“Velcro on one pocket coming away at the edge. Please repair and bring back tomorrow for checking.” This was the note I had dreaded from my son’s teacher. The Velcro was one of two strips attached to the insides of each side pocket of his shorts. One pocket had to contain a pack of tissues, the other a “handkerchief”. The tissues were for runny noses, the handkerchief for drying hands. Velcro on the pockets stopped these items falling out during exercise and posing an unhelpful distraction to the child. The fastening was easily manipulated by the child, allowing him to access and replace the contents of his pocket independently and without fuss. Spare changes of clothes had to be ready equipped with a pack of tissues and a handkerchief, doing away with the need for the child to transfer them from one set of clothing to another. The Velcro had to be sewn on, not ironed. Having been at this Japanese Montessori pre-school for a year already, I was familiar with this requirement and, not owning a sewing machine, had become a seasoned hand-sewer-of-Velcro-on-pockets. So what was the problem?
Well, this particular pair of shorts was one of eight pairs of shorts from eight changes of clothes required for a three day, two night summer camp. The calculations appear not to add up, until you consider that the children were expected to change their clothing whenever it got dirty, sweaty, or wet from the rain. Since summer camp took place towards the end of the official rainy season of high heat and humidity when the ground underfoot was likely to be muddy … well, you get the picture. Each item of clothing had to be named (no iron-on labels permitted!). And each garment had to be rolled up in a prescribed fashion and secured with a rubber band. Eight pairs of shorts, eight T-shirts, eight vests, eight pairs of underpants, eight pairs of socks. Plus eight disposable plastic carrier bags for each set of soiled clothes, each bag bearing the child’s name, and each folded, rolled up and secured with a rubber band. The children, some as young as four years old, had to place the tissues and handkerchiefs in the pockets of the shorts; check that they knew where their name was on each garment; roll up the clothing and secure each piece with a rubber band; then pack these things into their bag, along with sandals, towels of specific sizes for specific functions, toiletries and other requisite items, all contained in bags of prescribed dimensions and materials, and all labeled with the child’s name. Only the rubber bands were able to remain anonymous!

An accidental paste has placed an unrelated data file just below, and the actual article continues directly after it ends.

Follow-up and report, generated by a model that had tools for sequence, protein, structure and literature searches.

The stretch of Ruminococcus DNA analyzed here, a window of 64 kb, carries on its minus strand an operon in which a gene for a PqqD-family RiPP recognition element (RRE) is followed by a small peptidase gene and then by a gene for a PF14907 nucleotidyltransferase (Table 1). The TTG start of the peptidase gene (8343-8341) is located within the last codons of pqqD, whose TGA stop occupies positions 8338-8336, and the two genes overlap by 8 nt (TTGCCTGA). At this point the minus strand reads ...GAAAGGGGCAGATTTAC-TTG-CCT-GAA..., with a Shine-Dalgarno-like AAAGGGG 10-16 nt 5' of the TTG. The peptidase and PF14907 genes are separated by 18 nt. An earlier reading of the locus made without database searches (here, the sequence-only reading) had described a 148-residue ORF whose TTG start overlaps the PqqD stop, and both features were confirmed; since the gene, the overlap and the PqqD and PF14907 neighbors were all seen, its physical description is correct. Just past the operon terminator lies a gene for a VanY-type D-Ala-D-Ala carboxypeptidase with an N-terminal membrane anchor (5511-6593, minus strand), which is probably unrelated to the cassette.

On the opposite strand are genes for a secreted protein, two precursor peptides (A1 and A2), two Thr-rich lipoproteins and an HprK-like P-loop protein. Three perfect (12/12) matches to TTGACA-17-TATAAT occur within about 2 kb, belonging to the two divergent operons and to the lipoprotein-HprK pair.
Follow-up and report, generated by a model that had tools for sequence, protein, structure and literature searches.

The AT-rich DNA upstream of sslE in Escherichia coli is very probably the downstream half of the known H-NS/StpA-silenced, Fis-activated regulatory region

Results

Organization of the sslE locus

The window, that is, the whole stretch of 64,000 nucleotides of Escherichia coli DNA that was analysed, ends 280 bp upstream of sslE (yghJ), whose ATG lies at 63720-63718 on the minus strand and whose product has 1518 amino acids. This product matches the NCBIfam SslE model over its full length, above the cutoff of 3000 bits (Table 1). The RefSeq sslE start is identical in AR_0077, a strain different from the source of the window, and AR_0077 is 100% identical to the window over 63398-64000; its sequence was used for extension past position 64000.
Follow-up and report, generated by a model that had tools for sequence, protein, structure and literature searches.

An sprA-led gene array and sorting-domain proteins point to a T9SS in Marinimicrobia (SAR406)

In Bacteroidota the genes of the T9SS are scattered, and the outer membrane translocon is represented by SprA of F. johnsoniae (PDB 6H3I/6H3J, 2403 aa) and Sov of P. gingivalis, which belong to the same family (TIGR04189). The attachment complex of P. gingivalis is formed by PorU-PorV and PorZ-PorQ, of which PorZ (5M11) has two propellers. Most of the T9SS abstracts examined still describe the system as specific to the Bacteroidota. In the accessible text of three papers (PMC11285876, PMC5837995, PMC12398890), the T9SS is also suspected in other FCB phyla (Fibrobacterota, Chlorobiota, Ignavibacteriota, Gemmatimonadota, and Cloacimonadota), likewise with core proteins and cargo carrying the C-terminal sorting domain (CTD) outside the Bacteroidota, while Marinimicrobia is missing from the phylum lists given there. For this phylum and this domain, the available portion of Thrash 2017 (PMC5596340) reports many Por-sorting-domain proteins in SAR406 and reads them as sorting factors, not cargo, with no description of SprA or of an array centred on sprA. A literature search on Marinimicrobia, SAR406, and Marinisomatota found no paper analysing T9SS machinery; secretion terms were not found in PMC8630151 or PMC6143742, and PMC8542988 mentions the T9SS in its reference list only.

The children then had to carry the bag by themselves to school for checking by the teacher two days before the day of departure. Parents seen carrying their child’s bag were reprimanded on the spot. Checking involved the child taking all the items out of the bag, removing the rubber band and unrolling each item of clothing, showing the teacher their name on each garment and other items, then rolling the clothes back up, securing them with the rubber bands, and re-packing all the items in the bag. My only slip-up was failing to repair one piece of Velcro on one pocket of one pair of well-worn shorts.
A little confession here: I knew that the Velcro had started to come away. But frankly, I found the meticulous preparations exhausting. So I decided to risk leaving it as it was. Another confession: Part of me wanted to see whether the teacher would notice the loosening stitches on the Velcro; whether she really believed that this could impact on my child’s ability to function independently at camp; whether she would dareto take me to task on it.
I had been made to jump through hoops to follow the requirements that I know were intended to support the independence of the child, the crucial tenet of the Montessori philosophy. Now, for the sake of a few more minutes of my time, I was digging my feet in. When I saw the note I could not control my sense of outrage. I told myself that it was not worth it. I would rather my son did not attend the camp than give in to such a ridiculous request. It was just not worth it. “No, it’s not worth it,” countered another voice inside my head. It’s really not worth it.
Pigheadedness. Pride. Indignation. Were these the lessons I wanted to teach my son? What about flexibility? Humility? Respect for the person whom I trusted to keep my child safe on his first camping adventure, the person who had patiently sat with each of the fifteen children as they unpacked and repacked their bags? The children who had done as they were asked without complaint? Solidarity with the other mothers, some with siblings at the school whose workload had been double that of my own? And the reasons for eschewing international Montessori schools for a Japanese Montessori environment in the first place?
This was not the first time during the past year that I had been forced – always with an initial degree of resistance and sometimes painfully – to adjust my thinking concerning the practice of the Montessori philosophy, to expand my view of the limits of a child’s capabilities, to challenge my culturally-blinkered perceptions.
Japan was not a new culture – I had spent a number of years there before becoming a mother and was fluent and literate in the language – but the insights gained through the application of the Montessori philosophy within the cultural context of Japan went beyond anything I could ever have conceived of. That evening, as I stitched the loose edge of the stiff Velcro, listening to the chatter of my son in his growing excitement at the prospect of the trip, it seemed to yield a little more easily than usual to the pressure of the needle.
Angela also reflects about international parenting in this episode of Japanese-on-the-Move.